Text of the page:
The Virtualization Room

Sep 27 2010   5:09PM GMT

Virtualization Vendor Profile: Virtustream

Colin Steele Colin Steele Profile: Colin Steele

Welcome to the latest edition of the Virtualization Vendor Profile. Every once in a while I’ll talk with a smaller or lesser-known company, learn about their business, discuss some industry trends, and write up a recap.

A few years back, managed services was a big buzzword. But then people started talking about Software as a Service, then Infrastructure as a Service, Platform as a Service, Anything Else You Can Think of as a Service, and they wrapped them all up under the “cloud computing” umbrella.

But managed services are still alive, and they may actually get a boost from cloud computing, Virtustream CTO Julian Box told me.

“The managed services comes in on top of that,” he said. “We do see them going hand in hand.”

Virtustream is an infrastructure vendor that offers professional services, managed services and its own cloud platform, xStream. The Washington, D.C.-based company has spent 10 years in the virtualization market, doing live implementations since 2002.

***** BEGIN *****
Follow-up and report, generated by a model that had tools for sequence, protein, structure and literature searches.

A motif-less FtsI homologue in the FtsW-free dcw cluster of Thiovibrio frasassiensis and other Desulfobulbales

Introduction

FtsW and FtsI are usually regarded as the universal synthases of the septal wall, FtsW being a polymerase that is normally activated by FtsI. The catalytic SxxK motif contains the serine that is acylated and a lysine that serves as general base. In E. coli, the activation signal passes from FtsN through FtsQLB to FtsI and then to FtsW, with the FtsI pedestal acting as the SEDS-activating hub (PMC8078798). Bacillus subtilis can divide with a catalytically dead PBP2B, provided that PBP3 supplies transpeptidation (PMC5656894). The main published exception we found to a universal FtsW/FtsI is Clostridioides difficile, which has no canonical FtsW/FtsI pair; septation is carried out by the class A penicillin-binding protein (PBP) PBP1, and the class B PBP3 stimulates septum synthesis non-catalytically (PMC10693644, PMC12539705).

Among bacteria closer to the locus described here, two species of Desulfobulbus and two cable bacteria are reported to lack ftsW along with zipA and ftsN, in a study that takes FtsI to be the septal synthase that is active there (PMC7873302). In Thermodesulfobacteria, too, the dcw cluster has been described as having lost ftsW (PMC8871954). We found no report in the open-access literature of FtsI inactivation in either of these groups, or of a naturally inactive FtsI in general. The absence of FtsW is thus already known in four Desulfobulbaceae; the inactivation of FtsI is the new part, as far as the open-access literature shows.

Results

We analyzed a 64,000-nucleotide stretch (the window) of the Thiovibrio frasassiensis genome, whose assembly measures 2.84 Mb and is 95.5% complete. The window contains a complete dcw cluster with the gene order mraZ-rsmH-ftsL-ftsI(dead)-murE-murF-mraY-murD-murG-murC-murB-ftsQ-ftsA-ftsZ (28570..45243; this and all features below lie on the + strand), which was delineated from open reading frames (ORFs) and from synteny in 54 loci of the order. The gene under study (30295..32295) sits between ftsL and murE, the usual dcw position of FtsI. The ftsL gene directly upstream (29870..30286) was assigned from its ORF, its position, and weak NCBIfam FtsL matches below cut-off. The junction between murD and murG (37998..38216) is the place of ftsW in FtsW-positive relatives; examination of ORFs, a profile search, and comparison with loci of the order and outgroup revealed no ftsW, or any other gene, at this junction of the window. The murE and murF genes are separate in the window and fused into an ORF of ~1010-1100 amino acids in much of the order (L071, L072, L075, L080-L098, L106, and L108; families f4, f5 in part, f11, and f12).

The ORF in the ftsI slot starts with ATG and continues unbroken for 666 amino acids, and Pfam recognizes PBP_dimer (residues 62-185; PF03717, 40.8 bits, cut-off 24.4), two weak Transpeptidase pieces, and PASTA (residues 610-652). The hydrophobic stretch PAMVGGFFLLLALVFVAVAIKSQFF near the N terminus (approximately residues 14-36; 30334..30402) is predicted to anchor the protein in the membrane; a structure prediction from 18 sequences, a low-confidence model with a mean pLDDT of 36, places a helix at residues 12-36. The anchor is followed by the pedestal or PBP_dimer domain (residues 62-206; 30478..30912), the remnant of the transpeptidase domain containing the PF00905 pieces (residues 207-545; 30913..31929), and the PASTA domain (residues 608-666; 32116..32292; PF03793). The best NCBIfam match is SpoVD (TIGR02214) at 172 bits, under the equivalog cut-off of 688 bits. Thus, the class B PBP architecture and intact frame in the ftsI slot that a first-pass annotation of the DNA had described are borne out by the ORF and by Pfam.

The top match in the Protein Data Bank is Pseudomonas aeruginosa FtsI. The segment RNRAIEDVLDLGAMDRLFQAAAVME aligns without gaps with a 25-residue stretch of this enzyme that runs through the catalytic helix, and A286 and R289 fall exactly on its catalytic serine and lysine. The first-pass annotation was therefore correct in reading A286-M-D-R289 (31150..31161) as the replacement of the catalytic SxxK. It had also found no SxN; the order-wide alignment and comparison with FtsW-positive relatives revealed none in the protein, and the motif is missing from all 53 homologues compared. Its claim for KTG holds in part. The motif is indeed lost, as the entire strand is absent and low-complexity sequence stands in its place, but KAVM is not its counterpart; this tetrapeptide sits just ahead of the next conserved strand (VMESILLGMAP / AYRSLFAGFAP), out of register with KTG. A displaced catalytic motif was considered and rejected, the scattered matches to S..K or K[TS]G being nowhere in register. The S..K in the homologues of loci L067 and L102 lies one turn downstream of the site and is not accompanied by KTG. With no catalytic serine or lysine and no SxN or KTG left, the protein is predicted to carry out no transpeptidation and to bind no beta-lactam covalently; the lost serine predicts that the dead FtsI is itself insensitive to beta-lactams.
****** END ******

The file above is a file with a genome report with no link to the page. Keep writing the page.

Virtustream’s infrastructure offerings emphasize management and, above that, customer choice, Box said.

“It’s something that our client base is definitely asking for, to be very much heterogeneous and technology-independent,” he said.

That philosophy extends to virtualization, where more customers are expecting support for multiple hypervisors.

“It’s not necessarily something that people need today, but they want the choice going forward,” Box said.

The demand for multiple-hypervisor support is growing for a few reasons, he said. One is that customers realize some applications will run better on one hypervisor than other. (Box used SQL Server on Hyper-V as one example.) Another reason is, of course, cost, and customers don’t need expensive hypervisors for all workloads.

“You pay different prices for different capabilities, and customers want a choice,” Box said.

These mixed virtual infrastructures will eventually grow into private, then hybrid, clouds, but Box acknowledged it will take a while for most customers to get there.

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